McCurry’s leadership was vital as ROi moved to become its own business entity, providing services to companies outside of Mercy. He helped unify elements of the business to move from a holding company to an operating company.
Here’s the impact so far:
McCurry is a highly ethical leader and man of great integrity. He is an active Baptist minister who regularly preaches at True Hope Church and a community leader within his hometown of Boliver, MO, and the greater southwest Missouri area. As a Mercy leader, he works with the Sisters of Mercy to help create a culture of leadership that not only works together but also takes time to celebrate together. He is a strong advocate of the Mercy mission and a living example of our culture for our co-workers.
McCurry has been a leader in helping ROi become a commercial entity that supports other providers while also generating income for Mercy. He has directly led or approved key decisions leading to the implementation of many ROi programs, i.e., Mercy Meds medication administration, centralized pharmacy compounding, custom pack manufacturing, and a rep-less OR support model for spine products. He also consolidated eight materials management systems into one and was the first to install TECSYS as a large scale warehouse management system, which is now an industry standard for such provider-based applications. Mercy is also one of the top providers in electronic commerce, which has been highly supported by McCurry’s supply chain and systems leadership.
McCurry made the ROi model happen and set it up for success. Twelve years later, ROi has been among the top 10 global supply chains in healthcare as ranked by Gartner for six straight years. In 2014, ROi ranked No. 6 and received the highest Gartner analyst ranking given to a provider. He also committed to making the CSC a success. Today, it guarantees next-day delivery and industry-leading service levels on stocked items for both Mercy and other health care partners.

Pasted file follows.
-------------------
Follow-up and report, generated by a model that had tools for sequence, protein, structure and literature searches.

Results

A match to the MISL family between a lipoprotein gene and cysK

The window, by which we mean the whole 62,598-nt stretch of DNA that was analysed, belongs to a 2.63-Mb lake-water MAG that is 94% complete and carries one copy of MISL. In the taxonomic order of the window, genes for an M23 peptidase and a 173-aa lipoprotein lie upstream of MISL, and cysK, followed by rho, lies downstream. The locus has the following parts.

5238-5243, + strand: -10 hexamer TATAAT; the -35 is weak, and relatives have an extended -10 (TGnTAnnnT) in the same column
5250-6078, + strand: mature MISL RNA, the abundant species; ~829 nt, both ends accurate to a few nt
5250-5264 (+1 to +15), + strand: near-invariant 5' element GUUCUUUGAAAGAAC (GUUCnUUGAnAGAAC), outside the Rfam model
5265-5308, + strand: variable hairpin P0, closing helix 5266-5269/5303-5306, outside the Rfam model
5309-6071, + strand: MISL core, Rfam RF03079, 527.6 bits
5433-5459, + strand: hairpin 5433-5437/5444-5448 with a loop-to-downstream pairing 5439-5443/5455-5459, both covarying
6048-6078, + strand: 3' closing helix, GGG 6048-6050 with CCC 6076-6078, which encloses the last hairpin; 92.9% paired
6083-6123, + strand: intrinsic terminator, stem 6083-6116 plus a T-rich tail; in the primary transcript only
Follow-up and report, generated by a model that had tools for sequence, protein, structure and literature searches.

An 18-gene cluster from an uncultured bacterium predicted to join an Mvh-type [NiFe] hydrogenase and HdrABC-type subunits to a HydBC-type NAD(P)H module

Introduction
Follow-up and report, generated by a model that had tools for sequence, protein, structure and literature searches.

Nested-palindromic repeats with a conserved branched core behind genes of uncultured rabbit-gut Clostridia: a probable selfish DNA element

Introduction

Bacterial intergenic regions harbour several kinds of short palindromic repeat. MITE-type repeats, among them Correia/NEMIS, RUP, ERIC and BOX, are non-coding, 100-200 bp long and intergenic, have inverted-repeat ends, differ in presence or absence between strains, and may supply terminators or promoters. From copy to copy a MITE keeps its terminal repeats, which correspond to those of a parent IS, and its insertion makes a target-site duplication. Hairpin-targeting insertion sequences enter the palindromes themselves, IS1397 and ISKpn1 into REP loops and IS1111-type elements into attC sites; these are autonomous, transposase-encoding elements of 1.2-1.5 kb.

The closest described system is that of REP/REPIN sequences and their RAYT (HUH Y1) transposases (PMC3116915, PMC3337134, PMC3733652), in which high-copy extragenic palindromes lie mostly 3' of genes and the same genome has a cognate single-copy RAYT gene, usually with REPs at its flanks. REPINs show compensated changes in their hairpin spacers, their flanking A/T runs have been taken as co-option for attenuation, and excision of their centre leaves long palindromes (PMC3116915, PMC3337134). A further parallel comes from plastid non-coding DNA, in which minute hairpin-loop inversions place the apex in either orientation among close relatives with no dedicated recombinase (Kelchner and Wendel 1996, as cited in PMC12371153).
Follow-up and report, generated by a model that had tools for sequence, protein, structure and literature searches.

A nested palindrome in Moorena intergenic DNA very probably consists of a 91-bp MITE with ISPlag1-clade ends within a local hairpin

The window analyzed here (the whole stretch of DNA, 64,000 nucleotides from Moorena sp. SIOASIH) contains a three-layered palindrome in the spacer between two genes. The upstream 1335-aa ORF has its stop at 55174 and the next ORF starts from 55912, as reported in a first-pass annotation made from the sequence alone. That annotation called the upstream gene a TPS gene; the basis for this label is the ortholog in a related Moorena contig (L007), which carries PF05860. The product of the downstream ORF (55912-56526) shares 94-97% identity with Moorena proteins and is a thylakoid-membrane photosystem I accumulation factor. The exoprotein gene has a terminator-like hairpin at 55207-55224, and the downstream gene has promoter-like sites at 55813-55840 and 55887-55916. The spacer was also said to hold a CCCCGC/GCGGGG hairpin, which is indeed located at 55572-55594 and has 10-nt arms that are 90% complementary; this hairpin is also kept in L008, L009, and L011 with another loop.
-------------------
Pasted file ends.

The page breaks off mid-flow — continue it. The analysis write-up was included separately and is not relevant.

As CIO one of his greatest achievements was overseeing the construction/opening of the Mercy Data Center, built specifically to support Mercy's hospitals. It is designed for 24/7 availability, with fail-safe features to withstand a variety of natural events, power or water interruptions.
McCurry’s career progression at Mercy and diversity – from ROi COO and CEO to Mercy CIO and COO – always with an eye toward supply chain, shows his commitment to leading this industry at the top levels. While many people lose their supply chain connection once they advance to the C-suite, McCurry is an active board member for ROi while serving as Mercy’s ministry COO. He’s active in strategic and tactical decision making and gives his support through leadership and through his help securing financial investments.